When Sophie’s Dad can’t take her to her friend’s party, her uncle Brendan steps in to chaperone. Arriving too late for sweets, which have all been eaten, and already bummed about being let down by her father, Sophie is clearly not having the best day. When the fathers are invited to go on a treasure hunt for a prize to give to their children, Brendan sees it as the perfect opportunity to turn Sophie’s day around.
Nothing is that simple, of course, as apparently this treasure hunt is an annual tradition that has become more than a little competitive for the participants. As the group of adults wander into the woods with their crudely drawn-in-Crayon maps, the environment changes as they imagine themselves as different adventurers. There’s the muscled tough guy, the Indiana Jones wannabe, the pith-helmet friendly gentleman; Brendan seems transformed into a version of Nathan Drake from the Uncharted video game series. As their imaginations run wild, the group dodge traps, solve ancient puzzles, fight mercenaries and align, double-cross and battle with each other for the ultimate treasure.
Sophie’s Fortune is male wish fulfillment delivered with brilliant flourish and whimsy. Even though the audience knows it is all pretend, there’s still excitement and suspense to be had as the group work their way to the prize. It’s violent in that hyper-real way that cartoons or video games are violent; people are getting shot or punched, but no one is actually getting hurt. It’s a game of pretend that boys play growing up, but a game that supposedly ends at adulthood. As we see here, that is not necessarily so.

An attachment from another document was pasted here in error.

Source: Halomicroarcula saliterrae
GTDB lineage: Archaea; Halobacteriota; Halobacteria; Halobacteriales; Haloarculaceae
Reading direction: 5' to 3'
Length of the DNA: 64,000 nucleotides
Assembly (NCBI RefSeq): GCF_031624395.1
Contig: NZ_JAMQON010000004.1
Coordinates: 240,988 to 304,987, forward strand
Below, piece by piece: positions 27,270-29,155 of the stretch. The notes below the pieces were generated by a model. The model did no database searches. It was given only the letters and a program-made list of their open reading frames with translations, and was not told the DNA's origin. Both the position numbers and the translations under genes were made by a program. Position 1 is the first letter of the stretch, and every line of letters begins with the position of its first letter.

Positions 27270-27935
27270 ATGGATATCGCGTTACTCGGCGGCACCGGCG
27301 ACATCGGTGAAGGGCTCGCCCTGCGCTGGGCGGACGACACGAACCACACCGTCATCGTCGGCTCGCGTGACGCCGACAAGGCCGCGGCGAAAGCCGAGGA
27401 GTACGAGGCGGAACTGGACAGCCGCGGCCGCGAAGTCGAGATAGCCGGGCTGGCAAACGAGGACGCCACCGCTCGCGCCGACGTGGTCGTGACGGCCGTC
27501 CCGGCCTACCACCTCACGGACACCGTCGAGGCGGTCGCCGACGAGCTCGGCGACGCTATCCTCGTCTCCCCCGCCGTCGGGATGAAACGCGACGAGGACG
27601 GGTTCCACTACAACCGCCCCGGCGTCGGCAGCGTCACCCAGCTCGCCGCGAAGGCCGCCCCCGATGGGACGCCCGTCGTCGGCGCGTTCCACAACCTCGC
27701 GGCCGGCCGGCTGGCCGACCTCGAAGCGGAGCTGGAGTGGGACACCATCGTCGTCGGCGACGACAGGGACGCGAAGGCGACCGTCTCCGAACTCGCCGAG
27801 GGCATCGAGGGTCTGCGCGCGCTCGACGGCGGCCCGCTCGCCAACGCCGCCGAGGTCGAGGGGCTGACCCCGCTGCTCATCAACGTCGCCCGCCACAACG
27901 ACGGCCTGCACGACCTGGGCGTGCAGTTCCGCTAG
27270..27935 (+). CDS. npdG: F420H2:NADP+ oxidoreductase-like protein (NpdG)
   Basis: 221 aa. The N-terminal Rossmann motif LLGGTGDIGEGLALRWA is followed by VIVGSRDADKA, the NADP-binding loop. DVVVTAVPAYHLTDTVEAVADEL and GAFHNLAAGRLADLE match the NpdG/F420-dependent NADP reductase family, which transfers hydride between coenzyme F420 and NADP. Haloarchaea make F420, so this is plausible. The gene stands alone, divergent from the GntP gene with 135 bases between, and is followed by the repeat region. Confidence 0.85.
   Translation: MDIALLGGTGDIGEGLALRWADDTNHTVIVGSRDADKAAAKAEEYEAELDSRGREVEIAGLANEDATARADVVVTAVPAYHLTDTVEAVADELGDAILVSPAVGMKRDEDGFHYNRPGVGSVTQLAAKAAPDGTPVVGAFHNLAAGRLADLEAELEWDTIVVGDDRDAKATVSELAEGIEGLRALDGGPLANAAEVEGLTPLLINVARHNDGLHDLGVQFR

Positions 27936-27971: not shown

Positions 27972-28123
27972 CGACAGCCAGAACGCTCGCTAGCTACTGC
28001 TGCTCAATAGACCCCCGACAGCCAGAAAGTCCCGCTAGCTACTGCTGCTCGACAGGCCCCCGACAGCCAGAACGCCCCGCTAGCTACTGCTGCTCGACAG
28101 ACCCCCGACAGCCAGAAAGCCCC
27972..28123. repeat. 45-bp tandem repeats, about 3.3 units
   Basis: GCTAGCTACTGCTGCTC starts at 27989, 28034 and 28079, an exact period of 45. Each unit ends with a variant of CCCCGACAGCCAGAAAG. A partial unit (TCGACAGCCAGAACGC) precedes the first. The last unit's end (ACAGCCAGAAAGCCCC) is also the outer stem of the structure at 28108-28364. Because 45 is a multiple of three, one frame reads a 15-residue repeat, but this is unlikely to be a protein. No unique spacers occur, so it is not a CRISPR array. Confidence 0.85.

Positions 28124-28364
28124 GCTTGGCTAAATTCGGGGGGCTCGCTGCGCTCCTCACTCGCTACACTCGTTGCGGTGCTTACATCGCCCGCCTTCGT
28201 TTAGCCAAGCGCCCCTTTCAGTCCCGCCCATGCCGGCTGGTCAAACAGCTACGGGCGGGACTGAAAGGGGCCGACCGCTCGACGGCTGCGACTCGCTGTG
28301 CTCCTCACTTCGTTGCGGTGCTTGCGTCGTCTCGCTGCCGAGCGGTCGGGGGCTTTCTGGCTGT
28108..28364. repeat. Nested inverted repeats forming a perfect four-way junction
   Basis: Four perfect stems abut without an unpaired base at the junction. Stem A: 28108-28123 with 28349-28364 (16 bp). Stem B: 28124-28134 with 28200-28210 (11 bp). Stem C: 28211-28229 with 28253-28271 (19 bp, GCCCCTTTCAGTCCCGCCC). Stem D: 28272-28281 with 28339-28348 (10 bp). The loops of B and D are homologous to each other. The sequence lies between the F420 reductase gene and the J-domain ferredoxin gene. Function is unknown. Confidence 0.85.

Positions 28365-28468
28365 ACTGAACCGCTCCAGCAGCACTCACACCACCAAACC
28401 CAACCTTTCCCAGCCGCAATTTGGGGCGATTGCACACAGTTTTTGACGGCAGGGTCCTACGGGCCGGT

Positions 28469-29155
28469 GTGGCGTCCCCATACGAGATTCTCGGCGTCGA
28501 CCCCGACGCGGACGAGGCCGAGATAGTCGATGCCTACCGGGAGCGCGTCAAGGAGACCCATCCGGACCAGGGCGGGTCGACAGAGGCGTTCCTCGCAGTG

Credit must be given to the filmmakers for capturing action and adventure in such a magnificent way, and extra kudos for all the effects-work that went into each trap, ancient environment and gun battle. Additionally, it’s not always easy to create exciting and convincing fight choreography, and this film doesn’t slack there either. The tale truly is epic, and while the story is a playful one, the action filmmaking on display here is a solid representation of the genre regardless.
My only real issue with the film is its running time, clocking in just under thirty minutes. It’d be one thing if the time was full of plot development or character growth to justify the duration, but mostly the length is filled up with action and visual effects. Which are entertaining, don’t get me wrong, but if you dropped ten minutes of said action and effects, I don’t know that it would make a huge difference in the overall level of enjoyment.
In the end, though, it is a fun romp as these men imagine themselves as a bunch of macho adventurers out to find a lost treasure. And visually, the film is a treat. The effects-work, practical and digital, is incredible, and the overall spirit and tone of the piece is whimsical for content so imaginatively hyper-violent. It truly is a fun time, even if it overstays its welcome a bit too much.
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